What is Joint Mobilization?

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  • Written By: Alex Paul
  • Edited By: Jacob Harkins
  • Last Modified Date: 19 October 2019
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Joint mobilization is a medical technique that is used to increase the range of motion and mobility of a joint. It is a passive movement that is usually applied to an injured area of the body in order to promote healing. The technique is commonly used on the spine and in this case it is called spinal mobilization. There are five levels of motion of a joint during joint mobilization and each is used for a different purpose. The difference between mobilization and manipulation when it comes to joints is the speed in which the treatment is performed with mobilization being much slower.

Joint mobilization is usually performed by trained professional physical therapists as a certain level of skill is required to perform it effectively and safely. Any manipulation of the body’s musculoskeletal system has the potential to cause damage if it isn’t performed correctly. Usually mobilization treatment will focus on the practitioner applying a force to the joint which mimics the gliding movement that occurs during regular movement. Sometimes these forces are held for an extended period of time in order to stretch the target. Generally, manipulations are performed at a higher speed and with more intensity than joint mobilization.


The technique of joint mobilization is important to recover the range of motion of a joint that has been injured or damaged. For example, for someone to kick his or her leg out from a seated position there must be enough mobility in the knee joint. After an injury this range of motion may be reduced. Joint mobilization techniques are also sometimes used to reduce pain in someone with an existing injury.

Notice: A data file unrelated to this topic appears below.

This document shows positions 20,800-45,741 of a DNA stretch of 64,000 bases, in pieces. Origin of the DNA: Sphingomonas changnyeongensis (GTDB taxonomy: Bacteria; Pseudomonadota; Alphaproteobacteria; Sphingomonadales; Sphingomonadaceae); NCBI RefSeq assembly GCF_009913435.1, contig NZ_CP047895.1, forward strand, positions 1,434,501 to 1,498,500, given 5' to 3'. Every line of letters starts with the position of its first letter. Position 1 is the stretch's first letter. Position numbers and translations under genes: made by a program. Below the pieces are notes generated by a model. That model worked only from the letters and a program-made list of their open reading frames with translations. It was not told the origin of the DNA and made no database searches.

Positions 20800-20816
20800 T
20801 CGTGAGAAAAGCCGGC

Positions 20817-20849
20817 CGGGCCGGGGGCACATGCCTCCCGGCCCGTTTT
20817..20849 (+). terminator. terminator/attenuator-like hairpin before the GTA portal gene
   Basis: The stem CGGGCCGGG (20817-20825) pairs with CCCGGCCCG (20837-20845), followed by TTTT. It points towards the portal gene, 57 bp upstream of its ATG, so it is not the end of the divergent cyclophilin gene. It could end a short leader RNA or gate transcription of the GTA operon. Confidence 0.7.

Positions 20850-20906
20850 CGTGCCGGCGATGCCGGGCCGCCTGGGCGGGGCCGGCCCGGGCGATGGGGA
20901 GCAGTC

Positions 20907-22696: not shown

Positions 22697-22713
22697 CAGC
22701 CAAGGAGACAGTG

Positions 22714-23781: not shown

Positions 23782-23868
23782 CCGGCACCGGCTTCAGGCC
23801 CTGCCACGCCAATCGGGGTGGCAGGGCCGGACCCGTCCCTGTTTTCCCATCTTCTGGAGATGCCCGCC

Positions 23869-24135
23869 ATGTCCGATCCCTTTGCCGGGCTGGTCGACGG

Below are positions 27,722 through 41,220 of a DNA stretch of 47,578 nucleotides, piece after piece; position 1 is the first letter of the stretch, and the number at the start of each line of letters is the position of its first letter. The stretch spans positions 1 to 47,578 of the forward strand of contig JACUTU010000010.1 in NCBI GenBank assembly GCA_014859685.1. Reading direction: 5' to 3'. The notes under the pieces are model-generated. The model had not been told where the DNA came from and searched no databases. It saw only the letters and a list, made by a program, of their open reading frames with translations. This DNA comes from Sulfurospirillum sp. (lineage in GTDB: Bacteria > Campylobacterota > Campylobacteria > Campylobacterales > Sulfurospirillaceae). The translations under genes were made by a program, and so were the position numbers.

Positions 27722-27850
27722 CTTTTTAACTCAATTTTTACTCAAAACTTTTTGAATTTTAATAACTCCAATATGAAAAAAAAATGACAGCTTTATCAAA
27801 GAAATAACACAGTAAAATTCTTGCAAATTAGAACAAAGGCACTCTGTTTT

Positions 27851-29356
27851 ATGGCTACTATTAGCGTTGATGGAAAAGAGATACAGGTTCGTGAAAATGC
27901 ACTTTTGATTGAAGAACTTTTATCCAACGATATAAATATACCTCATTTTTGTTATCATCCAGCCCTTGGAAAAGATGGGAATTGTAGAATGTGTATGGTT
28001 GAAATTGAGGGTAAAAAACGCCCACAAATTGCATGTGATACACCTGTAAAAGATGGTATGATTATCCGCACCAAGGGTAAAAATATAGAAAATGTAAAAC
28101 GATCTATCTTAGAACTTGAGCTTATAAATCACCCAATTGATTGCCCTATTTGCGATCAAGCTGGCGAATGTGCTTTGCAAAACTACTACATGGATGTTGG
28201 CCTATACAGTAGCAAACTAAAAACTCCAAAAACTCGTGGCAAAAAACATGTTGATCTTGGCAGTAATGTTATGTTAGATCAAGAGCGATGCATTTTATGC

Although joint mobilizations can be an effective and safe way of treating joint problems there is also some risk involved. For example, the joint should not undergo mobilization treatment if osteoarthritis is present. People with a tumor in the area of the joint should also not go through these sorts of treatments. Joint mobilizations should also not be performed by people who aren’t trained to do so as taking the joint to the maximum of its available range can cause additional problems if performed incorrectly.

The different grades of mobilization describe the amount of mobility in the joint. For example, Grade 1 status mobilizations are when the practitioner applies a passive movement which includes up to 25 percent of the available joint play. Grade 3, on the other hand, involves the bone moving to the end of its range. There are also grades which are applied to the oscillations, or repetitions, of a particular joint mobilization exercise.


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